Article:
OPHIA MARTINS (Selene as dancer name) is an international neuroscientist, dancer, performer, mental health professional, and dance teacher. In 2021, she was nominated for the One Dance UK's Applied Dance Science Award and chosen as a Healthier Dancer Practitioner. Her journey started during her postgraduate studies in neuroscience, where she conducted her research thesis on the brain mechanisms beyond dance, having worked with one of the most influential researchers in the field. Her research has been published in the "Dance Data, Cognition, and Multimodal Communication" Routledge volume and presented at various conferences/summits.
She trained in dance therapy, butoh, and somatic practices, has a degree in Psychology and Forensic Psychology, and a postgraduation in Brain Sciences and Psychology of Dance. She is a certified suicide first aider and worked as a mental health practitioner for 4 years. During those 4 years, she counseled adults (including dancers) with anxiety, depression, bipolar, schizophrenia, eating disorders, OCD, PTSD, and personality disorders, among others. Her passion and skills in mental health are intertwined with her being.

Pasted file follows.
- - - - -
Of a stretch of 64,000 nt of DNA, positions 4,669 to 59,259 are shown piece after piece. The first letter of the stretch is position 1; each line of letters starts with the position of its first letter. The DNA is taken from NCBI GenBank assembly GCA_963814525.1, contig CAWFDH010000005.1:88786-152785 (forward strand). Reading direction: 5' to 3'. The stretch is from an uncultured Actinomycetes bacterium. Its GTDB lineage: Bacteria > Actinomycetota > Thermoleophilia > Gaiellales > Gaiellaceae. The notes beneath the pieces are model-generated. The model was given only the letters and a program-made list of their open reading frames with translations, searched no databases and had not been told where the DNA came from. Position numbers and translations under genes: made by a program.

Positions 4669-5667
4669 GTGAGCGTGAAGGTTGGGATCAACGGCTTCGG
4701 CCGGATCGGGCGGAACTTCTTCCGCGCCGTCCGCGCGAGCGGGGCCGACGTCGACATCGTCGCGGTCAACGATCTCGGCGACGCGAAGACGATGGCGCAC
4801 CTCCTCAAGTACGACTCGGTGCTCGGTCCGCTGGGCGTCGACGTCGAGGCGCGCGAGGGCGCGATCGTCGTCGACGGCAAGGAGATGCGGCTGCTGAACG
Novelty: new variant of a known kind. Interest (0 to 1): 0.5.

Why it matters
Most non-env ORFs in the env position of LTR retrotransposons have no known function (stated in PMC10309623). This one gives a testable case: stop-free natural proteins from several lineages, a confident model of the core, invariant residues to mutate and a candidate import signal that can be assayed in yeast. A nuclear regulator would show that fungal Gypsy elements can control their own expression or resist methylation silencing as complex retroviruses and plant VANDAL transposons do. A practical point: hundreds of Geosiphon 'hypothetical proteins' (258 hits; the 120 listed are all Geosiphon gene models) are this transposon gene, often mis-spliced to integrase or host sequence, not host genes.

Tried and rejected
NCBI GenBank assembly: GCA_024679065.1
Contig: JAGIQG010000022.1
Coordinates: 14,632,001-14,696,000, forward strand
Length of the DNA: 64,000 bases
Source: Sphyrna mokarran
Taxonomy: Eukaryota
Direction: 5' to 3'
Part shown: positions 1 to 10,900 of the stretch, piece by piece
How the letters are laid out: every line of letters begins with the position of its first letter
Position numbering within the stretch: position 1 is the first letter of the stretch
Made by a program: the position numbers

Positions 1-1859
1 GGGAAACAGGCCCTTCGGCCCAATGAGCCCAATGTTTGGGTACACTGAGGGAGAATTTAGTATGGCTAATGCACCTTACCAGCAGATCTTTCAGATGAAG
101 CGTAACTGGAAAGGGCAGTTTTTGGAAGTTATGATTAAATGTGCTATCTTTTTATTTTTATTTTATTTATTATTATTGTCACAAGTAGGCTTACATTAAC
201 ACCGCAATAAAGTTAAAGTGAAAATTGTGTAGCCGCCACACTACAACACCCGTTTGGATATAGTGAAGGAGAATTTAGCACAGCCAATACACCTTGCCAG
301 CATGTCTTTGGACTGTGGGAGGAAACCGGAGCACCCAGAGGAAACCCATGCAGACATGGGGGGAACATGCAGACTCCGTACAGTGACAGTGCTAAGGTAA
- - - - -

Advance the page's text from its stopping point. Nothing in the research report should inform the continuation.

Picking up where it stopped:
Through her Neuroscience of Dance project and Dance Integrated Healing Method, Sophia provides neurocognitive and dance healing tools. She has been helping dancers and dance teachers all over the world for the past two years through 1-1 sessions and various workshops with the following key aspects: dealing with injuries, neurological recovery, overcoming struggles (memory, equilibrium, learning difficulties), improving dance environments and teaching techniques, improving mental well-being, improving dance skills, and using dance for healing purposes. Seeing people improving, recovering, falling in love with dance fuels her drive to do more for others.
Whilst her focus is on dancers, the audience is often broad leading her to also assist parents, psychiatrists, psychologists, physiotherapists, doctors, dance science students who are keen to know more about the brain, movement, body dynamics and how to better apply it in their practices.
Currently, Sophia still takes part in research, conducts the Dance is Medicine Podcast, and occasionally grades academic work.
At a personal level, she can never sit still, she lives for cats and coffee, loves to play the piano, and write poetry. She is from a mixed background, part of the LGBTI1A+ community, and actively supports the BML movement. As a dyslexic, she emphasises neurodiversity in every teaching.